Story of the Day for Monday November 6, 2011
Letting Him Find You
I have gone astray like a lost sheep. Seek your servant.
Stephen Pile, in The Book of Failures, tells the story of a traveler returning, years later, to his native Italy. In 1977, Nicholas Scotti flew from San Francisco to Rome. His flight stopped for a couple hours in New York for refueling. Mr. Scotti assumed they had already landed in Rome and left the airport.
Scotti was confused by the unusual skyline, but assumed the city had undergone recent modernization. He was amazed that most people spoke English, but figured that Rome was a popular tourist attraction for Americans.
When Scotti spotted a policeman, he asked, in Italian, for directions to the bus depot. Oddly enough, the policeman was an immigrant from Naples and conversed with him in fluent Italian.
But Scotti was baffled when he found no one else in Rome who could speak Italian. Even when told he was told he was in New York, he refused to believe it. In the end, police officers drove him back to the airport and sent him on a return flight to San Francisco. But, for Nicholas Scotti, the police car racing to the airport only confirmed he was in Rome. “I know I’m in Italy,” he said, “That’s how they drive.”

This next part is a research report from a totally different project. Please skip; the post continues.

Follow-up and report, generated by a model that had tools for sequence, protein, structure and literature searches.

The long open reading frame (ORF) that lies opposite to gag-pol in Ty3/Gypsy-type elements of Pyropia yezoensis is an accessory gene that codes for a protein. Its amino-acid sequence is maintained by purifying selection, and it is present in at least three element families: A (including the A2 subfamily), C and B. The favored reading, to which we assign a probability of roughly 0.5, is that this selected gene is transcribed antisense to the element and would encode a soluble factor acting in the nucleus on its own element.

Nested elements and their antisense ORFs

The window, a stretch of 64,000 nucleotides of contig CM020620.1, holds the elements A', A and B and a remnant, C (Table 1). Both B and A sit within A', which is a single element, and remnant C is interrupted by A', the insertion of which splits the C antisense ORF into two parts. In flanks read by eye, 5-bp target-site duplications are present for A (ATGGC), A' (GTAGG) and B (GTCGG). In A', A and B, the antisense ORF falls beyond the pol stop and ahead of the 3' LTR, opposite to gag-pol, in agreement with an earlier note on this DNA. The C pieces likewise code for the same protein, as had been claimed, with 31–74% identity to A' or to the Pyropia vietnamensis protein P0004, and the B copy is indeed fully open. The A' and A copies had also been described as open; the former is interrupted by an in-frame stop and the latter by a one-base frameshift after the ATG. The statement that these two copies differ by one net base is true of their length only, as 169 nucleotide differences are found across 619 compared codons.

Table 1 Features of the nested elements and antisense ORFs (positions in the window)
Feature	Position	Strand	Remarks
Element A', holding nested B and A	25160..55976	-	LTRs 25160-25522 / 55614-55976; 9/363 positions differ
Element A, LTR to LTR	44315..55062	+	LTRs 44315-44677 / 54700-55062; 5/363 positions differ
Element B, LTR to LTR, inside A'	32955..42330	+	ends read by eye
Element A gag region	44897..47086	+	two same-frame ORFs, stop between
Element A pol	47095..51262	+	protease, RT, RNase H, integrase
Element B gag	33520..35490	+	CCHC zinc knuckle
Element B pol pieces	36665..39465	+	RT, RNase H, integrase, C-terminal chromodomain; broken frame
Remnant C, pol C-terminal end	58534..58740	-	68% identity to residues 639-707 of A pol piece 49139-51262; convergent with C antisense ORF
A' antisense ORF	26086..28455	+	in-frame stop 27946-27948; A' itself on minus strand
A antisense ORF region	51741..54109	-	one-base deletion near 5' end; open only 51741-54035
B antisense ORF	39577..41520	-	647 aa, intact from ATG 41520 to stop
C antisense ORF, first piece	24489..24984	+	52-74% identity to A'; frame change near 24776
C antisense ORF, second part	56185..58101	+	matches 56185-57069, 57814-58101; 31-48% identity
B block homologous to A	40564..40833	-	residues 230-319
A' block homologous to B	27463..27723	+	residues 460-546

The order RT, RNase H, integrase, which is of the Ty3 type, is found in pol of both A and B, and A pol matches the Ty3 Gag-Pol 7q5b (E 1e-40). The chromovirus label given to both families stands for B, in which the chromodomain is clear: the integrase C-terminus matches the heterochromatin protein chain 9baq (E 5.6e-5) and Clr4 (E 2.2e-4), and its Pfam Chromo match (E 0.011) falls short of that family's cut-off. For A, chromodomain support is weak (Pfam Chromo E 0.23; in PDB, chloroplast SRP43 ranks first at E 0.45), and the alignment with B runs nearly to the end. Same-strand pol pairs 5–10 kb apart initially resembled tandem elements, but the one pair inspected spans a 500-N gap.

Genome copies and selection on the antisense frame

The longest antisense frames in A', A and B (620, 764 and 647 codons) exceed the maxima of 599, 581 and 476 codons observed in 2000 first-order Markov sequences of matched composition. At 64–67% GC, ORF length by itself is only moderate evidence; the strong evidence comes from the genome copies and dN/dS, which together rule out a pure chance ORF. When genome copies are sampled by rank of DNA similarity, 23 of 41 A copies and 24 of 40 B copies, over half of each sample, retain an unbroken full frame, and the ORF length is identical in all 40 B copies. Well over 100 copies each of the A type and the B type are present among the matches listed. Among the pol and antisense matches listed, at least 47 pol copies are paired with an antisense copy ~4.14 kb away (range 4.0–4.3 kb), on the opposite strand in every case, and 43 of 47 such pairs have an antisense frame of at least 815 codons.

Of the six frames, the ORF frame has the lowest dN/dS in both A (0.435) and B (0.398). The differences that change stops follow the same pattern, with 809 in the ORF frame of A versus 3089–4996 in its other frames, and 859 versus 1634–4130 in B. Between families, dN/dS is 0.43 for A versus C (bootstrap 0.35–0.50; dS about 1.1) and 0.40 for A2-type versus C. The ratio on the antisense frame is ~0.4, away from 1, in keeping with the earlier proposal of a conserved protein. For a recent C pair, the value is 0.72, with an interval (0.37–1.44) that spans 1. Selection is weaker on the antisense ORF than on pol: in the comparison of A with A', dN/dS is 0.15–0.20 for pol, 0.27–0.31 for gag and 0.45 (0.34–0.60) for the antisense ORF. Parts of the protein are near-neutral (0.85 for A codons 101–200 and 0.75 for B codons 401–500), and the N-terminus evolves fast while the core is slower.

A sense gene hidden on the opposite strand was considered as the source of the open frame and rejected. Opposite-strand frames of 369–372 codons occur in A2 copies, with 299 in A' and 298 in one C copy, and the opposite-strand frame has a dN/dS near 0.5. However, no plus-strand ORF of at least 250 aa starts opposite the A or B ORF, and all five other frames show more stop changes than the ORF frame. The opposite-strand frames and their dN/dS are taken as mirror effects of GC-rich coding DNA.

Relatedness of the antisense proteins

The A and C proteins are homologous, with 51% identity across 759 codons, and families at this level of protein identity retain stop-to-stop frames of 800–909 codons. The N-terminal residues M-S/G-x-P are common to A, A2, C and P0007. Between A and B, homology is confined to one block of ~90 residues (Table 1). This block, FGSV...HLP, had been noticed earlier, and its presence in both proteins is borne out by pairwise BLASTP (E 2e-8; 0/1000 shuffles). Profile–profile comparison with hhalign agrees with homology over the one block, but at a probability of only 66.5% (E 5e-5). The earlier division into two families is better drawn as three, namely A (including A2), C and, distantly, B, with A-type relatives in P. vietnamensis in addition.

Nicholas Scotti has nothing on me. Yesterday I got lost while hunting.
Northwest Montana has immense tracts of forbidding wilderness and I love to disappear into the deep woods to explore new areas. Yesterday, my wife drove me several miles up a winding mountain road and dropped me off.
I worked my way up a steep mountainside to an open ridge, but then the fog rolled in and obscured all the surrounding peaks I use as landmarks. Though I had never been in this area before, it, somehow, didn’t look right. Very odd.
The most dangerous time in getting lost is when you don’t know you are. Like Mr. Scotti, you try to reinterpret everything that is confuses you and make it fit your assumptions.
One of the best things that can happen is to be lost, but know it. When the fog lifted yesterday I was astounded to see that Lydia Mountain was no longer sitting in its traditional location. That revelation told me where a road was.
The road was important – not because I could now find my way home – but because my wife could now come looking for me and find me.
In today’s religious thought, we think of “The Lost” as those who have no saving faith in Christ. But that usage is rare in the Bible. Usually it is God’s own people who manage to go astray and lose their bearings.
When you know you’ve strayed in life and lost your way, it’s not so much a matter of finding God as letting him find you.
(copyright by climbinghigher.org and by Marty Kaarre)